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    I doubt the 80% of respondents meant that they conceive of themselves doing analytic philosophy of the sort Quine was criticizing. Probably what they meant was something like "not Continental" or "not phenomenological." There is no grand project of analytic philosophy among philosophers in the US and Britain today. – transitionsynthesis Feb 22 at 22:05
  • Quine's paper was targeted specifically at Carnap's "logical empiricism" version of logical positivism, but the specific critique of analyticity applies to all of the analytic/linguistic heirs of Russell and Frege. If you think it is not a problem for anyone but Carnap or other logical positivists, an explanation of why would answer the question. – Dcleve Feb 22 at 22:32
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    You are confusing logical empiricism and analytic philosophy. Logical empiricism has not survived Quine's attack. Analytic philosophy, which is a much broader school of thought, was never a target. Quine himself was an analytic philosopher. – Eliran Feb 22 at 23:00
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    @Dcleve I'd advise you to stop thinking with such a wide-tooth comb. Hardly anything is generalizable to "all analytic philosophy" today. Again, "analytic philosophy" today just means "not Continental." Hardly anyone in US and British universities today engages in philosophy as a "primarily linguistic and logic exercise" whatever that really means. I'd be interested in knowing, in detail, how you take it that Quine in one fell swoop refutes Rawls, Brandom, Korsgaard, Wittgensteinian epistemologists, analytic Aristotelians, panpsychists, philosophers of quantum physics etc – transitionsynthesis Feb 23 at 2:18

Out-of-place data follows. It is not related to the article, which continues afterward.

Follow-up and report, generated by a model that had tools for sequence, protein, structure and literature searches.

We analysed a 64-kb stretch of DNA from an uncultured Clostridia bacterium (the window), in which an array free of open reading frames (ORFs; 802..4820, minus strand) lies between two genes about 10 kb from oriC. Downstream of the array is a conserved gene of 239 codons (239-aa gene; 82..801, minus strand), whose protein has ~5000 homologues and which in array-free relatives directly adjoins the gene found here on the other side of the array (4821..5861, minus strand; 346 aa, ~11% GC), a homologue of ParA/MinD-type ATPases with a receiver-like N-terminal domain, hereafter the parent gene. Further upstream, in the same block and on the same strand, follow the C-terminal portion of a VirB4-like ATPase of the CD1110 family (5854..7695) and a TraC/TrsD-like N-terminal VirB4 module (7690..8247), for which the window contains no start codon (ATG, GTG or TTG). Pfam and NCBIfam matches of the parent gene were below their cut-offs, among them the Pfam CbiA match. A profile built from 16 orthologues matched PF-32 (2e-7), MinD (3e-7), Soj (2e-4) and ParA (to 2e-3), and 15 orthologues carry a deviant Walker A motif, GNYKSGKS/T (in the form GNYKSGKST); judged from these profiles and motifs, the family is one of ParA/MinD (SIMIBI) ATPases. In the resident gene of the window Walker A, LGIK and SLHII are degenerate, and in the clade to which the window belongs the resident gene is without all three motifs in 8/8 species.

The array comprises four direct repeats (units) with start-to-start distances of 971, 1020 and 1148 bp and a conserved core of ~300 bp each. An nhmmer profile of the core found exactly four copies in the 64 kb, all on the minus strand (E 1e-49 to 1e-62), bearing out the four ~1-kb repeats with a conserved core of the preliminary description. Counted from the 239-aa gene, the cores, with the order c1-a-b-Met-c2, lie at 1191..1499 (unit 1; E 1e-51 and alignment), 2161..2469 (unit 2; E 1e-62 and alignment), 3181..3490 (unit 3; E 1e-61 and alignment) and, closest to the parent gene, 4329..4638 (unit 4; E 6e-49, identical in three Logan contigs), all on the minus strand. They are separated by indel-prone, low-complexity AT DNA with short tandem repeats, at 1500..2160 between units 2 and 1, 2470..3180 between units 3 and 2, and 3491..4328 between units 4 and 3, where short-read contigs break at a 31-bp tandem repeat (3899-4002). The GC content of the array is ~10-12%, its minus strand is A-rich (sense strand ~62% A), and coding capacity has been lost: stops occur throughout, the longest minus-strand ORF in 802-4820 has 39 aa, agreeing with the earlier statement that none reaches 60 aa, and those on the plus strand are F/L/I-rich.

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    "Analytic" in "analytic philosophy" derives from (conceptual) "analysis", not "analyticity". The irony is that Quine's analysis showed that the concept of analyticity lacks exactly "the precision needed to do analytics". Regardless of which versions of "analyticity" it applies to, it was a success of analytic philosophy, not a threat it needed to survive. – Conifold Feb 23 at 10:44

You seem to be conflating all of analytic philosophy with philosophy that somehow depends upon the analytic/synthetic distinction, or somehow derives from a set of standards that depends upon that distinction, which is an error.

Most academic philosophers today--and I assume the survey you refer to targeted mostly them--while influenced by philosophers such as Frege, Russell, Wittgenstein, Carnap, Quine, Lewis, Davidson, and many besides, aren't beholden to any particular philosophical position they held. There is a lot out there nowadays, and it's quite sophisticated. I suggest engaging with some more recent philosophy.

Further, most academic philosophers are very well-versed in Quine's philosophy. You really can't make it through graduate school in the English speaking world without reading "The Two Dogmas of Empiricism", if not Quine's other major works. Some people accept Quine's critique, and some do not--and you found just one particular rejection of Quine's critique; there are others.

I suggest checking out the SEP article "Conceptions of Analysis in Analytic Philosophy". It might clear some of this up for you: